And while Kristoff highlights that truth is paramount, it’s significant that 21 million people worldwide are subjected to forced labor, including forced prostitution, according to the International Labor Organization.

So while sorting out the facts will take time, he now has some regrets about writing about her and wonders if the same is true of The Washington Post, CNN, Time and other news organizations. Yet he aspires that people will be as diligent in covering the scandal that is human trafficking as they may be in following the scandal of false or embellished backstories.


Photo licensed under Creative Commons from Gideon Wright on flickr


The CEO who used soup to stave hunger for profit.

A corporation has a single core obligation: to make money. But some companies are signing a deal, promising to create not only profit but also a tangible benefit to society and the environment.

In the tiny town of Gilsum, N.H., you’ll find the headquarters of W.S. Badger Co. Inc. The company makes all-natural cosmetics marketed under the name Badger Balm.

“Early on, I started making soup on Friday. And I loved what happened to the company, seeing everybody sit down at the same time,” CEO Bill Whyte says. That sense of togetherness extends to the company’s 70 employees today and that seems to pay off for the business. Badger has doubled in five years, expanding its market to 26 countries, and they’re a good example of what’s called a benefit corporation. This is a type of company certified as being motivated by more than just the hunger for profit.

Think of it this way: USDA certifies organic foods, and Good Housekeeping puts its seal of approval on quality products, like washing machines and skillets. And since 2006, a nonprofit organization called B Lab has been certifying corporations it deems to be concerned about their communities and the environment.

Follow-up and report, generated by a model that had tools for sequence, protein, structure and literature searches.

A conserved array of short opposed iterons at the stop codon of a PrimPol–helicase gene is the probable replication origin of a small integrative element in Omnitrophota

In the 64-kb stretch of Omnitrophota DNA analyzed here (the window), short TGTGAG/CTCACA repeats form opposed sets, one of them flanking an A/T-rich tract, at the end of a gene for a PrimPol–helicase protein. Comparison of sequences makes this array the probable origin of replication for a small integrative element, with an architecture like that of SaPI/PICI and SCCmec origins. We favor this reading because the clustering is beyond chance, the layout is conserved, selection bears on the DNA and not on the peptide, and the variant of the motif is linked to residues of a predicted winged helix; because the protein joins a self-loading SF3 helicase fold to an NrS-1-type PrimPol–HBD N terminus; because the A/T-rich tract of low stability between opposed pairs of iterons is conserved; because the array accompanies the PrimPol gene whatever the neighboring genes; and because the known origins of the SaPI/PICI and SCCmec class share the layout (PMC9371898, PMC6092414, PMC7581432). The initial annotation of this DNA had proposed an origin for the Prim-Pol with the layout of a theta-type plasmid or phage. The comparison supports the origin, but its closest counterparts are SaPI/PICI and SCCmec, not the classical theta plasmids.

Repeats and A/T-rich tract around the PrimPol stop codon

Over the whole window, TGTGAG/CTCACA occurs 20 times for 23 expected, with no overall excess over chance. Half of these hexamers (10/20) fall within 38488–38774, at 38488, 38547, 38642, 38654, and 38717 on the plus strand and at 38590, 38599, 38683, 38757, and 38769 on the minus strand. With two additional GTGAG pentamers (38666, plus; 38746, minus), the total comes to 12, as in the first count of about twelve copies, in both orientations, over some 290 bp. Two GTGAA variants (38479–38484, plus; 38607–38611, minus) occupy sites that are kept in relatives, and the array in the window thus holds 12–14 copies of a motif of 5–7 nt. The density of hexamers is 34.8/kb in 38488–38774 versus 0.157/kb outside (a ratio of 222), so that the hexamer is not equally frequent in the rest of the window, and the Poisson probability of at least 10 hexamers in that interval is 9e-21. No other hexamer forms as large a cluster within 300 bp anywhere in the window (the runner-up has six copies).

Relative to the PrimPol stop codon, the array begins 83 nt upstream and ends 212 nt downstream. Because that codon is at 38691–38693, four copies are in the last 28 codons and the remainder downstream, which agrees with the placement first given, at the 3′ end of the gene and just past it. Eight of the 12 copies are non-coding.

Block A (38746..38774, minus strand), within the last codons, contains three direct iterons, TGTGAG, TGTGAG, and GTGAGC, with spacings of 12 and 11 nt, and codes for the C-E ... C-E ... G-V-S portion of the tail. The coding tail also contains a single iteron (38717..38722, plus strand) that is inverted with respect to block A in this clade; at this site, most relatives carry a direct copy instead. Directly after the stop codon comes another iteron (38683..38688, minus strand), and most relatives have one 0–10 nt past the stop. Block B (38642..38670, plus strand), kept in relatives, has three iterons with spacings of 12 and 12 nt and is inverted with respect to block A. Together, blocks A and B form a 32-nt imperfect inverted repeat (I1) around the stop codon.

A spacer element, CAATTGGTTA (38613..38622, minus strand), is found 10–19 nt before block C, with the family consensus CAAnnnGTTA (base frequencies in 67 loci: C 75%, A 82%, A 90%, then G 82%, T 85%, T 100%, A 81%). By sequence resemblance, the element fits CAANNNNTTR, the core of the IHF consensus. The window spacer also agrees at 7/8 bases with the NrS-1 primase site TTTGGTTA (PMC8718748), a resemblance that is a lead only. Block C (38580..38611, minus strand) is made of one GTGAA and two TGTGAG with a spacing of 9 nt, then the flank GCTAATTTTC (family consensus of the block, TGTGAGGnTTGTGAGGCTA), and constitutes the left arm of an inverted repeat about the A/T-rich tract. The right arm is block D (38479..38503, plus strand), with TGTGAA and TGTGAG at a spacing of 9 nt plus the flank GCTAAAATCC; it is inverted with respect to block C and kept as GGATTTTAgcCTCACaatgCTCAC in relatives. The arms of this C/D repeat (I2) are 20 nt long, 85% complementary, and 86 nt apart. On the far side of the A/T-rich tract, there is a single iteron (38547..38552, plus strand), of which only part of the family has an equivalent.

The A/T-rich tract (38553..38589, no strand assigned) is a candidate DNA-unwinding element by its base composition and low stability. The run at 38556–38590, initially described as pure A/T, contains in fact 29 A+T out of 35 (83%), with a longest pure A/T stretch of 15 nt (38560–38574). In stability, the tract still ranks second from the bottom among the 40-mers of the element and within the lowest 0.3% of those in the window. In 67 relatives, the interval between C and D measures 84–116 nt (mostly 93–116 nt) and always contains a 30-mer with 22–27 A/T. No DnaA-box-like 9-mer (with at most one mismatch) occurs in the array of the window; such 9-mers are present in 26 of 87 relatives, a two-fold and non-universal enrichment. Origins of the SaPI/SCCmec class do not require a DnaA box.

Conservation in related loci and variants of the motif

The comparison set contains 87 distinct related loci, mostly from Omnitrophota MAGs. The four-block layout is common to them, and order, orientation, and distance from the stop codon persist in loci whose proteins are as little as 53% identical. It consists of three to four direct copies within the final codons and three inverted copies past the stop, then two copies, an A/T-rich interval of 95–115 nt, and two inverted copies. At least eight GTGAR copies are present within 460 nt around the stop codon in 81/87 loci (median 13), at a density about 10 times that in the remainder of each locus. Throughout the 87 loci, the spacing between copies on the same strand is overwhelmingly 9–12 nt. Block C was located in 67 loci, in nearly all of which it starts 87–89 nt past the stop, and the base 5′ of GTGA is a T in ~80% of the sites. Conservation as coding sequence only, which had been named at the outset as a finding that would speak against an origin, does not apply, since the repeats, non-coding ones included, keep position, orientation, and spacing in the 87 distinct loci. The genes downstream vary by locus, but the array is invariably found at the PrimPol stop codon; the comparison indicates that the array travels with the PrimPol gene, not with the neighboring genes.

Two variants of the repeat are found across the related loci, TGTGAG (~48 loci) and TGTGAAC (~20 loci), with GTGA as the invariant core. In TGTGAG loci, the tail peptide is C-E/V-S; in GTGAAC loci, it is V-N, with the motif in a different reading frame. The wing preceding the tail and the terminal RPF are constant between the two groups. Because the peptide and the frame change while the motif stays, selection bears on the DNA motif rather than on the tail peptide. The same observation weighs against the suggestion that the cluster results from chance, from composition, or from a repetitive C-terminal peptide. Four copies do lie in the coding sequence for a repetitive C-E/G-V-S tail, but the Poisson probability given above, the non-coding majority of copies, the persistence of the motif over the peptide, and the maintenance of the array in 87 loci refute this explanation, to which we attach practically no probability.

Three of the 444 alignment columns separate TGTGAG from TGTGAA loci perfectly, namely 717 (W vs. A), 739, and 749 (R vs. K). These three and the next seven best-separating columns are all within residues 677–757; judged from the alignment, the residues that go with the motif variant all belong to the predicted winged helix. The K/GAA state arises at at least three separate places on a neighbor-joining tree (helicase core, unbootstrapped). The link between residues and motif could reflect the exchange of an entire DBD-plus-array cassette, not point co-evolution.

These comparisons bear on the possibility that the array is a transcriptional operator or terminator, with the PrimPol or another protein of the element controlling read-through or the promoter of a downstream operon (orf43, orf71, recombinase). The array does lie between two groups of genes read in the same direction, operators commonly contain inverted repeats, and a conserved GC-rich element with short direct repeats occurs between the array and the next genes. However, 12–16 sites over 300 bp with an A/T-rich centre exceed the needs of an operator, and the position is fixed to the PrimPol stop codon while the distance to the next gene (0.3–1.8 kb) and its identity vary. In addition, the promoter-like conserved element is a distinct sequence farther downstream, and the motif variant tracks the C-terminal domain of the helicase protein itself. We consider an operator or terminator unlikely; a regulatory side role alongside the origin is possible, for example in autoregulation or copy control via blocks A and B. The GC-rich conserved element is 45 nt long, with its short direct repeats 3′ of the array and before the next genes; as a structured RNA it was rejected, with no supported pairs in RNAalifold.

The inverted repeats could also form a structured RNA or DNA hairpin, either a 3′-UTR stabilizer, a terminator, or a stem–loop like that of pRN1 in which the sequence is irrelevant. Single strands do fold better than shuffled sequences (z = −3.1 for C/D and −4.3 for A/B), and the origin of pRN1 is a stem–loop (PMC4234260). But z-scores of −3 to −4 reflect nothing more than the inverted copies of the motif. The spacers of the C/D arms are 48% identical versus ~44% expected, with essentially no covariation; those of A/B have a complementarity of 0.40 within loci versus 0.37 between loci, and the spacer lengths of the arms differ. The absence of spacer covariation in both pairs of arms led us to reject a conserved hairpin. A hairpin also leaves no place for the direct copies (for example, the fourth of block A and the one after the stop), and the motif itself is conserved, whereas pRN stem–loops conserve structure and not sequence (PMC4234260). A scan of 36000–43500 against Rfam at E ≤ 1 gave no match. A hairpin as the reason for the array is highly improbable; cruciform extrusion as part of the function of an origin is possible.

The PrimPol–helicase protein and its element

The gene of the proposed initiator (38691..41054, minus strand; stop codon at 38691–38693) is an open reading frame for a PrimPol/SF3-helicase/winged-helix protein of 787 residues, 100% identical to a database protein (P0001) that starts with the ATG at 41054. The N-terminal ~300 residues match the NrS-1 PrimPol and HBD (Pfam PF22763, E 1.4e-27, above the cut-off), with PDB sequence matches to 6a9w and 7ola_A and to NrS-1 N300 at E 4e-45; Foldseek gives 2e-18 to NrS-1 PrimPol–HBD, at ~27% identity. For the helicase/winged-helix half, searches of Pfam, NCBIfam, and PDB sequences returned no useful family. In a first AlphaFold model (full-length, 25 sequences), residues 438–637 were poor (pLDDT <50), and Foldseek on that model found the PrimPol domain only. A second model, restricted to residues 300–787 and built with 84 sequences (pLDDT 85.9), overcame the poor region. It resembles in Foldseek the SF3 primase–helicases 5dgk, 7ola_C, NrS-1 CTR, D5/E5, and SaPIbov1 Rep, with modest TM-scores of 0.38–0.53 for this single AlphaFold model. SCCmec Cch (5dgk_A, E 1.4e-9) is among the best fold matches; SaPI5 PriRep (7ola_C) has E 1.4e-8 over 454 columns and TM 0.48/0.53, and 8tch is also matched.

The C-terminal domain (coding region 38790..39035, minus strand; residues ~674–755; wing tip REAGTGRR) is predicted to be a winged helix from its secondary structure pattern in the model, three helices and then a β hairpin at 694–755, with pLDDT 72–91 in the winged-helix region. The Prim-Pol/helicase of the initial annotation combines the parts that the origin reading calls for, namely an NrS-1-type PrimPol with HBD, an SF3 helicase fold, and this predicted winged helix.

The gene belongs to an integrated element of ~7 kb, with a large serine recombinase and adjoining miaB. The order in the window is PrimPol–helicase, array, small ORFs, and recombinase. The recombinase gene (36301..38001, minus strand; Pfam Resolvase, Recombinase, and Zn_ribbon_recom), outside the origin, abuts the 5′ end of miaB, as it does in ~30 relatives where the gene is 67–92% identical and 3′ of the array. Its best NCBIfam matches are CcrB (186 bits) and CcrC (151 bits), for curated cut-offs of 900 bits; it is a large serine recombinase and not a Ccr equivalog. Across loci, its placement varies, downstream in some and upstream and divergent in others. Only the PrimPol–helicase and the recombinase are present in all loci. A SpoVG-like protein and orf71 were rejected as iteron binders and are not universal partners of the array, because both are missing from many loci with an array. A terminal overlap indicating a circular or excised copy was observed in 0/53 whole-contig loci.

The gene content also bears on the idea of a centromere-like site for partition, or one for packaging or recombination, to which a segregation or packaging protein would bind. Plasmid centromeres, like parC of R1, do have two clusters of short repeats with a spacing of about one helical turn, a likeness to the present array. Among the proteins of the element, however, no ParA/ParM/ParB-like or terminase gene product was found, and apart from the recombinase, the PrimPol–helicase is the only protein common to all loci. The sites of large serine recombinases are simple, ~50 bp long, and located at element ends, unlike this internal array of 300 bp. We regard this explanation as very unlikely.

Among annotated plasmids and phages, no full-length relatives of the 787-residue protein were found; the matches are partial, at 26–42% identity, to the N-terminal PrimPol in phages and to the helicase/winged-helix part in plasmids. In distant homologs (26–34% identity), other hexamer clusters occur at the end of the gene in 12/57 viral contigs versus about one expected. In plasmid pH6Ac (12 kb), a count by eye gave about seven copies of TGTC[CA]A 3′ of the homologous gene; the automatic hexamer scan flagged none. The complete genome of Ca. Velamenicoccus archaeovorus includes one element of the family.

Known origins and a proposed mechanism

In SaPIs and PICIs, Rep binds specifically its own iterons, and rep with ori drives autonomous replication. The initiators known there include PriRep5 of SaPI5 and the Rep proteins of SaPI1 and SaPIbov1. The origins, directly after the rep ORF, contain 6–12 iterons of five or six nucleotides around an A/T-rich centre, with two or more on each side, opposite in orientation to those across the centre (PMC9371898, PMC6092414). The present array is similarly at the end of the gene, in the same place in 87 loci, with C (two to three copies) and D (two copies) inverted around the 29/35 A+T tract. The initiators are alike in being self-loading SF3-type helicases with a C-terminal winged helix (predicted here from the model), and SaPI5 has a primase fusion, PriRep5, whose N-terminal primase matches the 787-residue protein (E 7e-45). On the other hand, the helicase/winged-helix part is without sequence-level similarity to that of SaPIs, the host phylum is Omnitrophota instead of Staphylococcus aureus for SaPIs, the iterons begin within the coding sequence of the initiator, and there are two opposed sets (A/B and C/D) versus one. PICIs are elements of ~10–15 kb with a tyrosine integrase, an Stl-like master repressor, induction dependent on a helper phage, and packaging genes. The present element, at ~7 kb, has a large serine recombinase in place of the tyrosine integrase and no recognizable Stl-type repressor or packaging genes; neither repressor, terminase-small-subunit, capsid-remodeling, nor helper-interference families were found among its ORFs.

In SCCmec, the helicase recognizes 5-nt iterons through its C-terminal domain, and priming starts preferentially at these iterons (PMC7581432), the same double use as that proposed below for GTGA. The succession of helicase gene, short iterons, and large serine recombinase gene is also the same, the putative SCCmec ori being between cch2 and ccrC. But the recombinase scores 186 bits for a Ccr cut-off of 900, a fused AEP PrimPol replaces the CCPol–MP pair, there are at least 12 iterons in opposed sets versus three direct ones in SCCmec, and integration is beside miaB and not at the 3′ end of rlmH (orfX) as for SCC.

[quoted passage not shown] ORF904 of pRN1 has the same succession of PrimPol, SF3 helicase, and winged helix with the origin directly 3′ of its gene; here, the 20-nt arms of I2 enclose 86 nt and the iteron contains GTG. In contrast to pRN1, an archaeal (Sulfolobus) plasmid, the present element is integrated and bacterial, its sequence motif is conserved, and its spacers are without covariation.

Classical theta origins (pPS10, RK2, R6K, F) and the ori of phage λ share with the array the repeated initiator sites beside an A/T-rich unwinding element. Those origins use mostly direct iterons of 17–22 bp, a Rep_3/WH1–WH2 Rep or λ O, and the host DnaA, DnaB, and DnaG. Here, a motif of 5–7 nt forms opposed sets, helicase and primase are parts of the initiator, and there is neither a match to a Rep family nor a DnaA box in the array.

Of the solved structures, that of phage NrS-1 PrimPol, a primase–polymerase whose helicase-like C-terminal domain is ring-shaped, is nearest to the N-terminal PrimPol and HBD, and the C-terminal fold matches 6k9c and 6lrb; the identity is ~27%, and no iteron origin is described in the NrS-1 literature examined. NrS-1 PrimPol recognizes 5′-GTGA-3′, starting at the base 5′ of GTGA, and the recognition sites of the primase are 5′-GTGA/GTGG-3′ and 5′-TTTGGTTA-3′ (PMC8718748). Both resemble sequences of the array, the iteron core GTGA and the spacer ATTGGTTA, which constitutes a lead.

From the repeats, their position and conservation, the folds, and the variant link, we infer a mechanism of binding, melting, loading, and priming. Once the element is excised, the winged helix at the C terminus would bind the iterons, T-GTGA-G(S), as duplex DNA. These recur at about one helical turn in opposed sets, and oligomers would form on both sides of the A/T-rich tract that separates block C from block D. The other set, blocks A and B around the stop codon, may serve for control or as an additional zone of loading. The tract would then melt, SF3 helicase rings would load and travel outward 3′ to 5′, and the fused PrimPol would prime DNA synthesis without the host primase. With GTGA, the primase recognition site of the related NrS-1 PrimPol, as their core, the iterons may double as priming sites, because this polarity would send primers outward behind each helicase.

In 27 states, legislatures have created a legal status for benefit corporations. The bill in New Hampshire originated with Badger.

So why would a company want a new law? It’s extra work, and there are no tax breaks. Tim Frick from MightyBytes, a tech company in Chicago, says being a benefit corporation is “being part of a larger global movement of making sure that business is being used as a force for good and not for evil.”

Erik Trojian, the director of policy, says B Lab measures just about everything the company does: “Supply chain, their interaction with the community, [and] the environment.” But he adds it’s also a way to “bake your morals and your missions into the DNA of your company.”


Photo licensed under Creative Commons from Rian Castillo on flickr



They invested altruistically. And Surprise! They still made as much money.

Foundations are finding that impact investing is more than just a nice idea, it’s actually financially prudent. That’s based on hard data from a $10 million foundation who decided to make the move to 100% impact.

Over a seven-year period from 2006- 2012, KL Felicitas (KLF) Foundation moved to 85%+ of assets allocated to impact from 2%. And they still achieved index-competitive, risk-adjusted returns. Why did it work?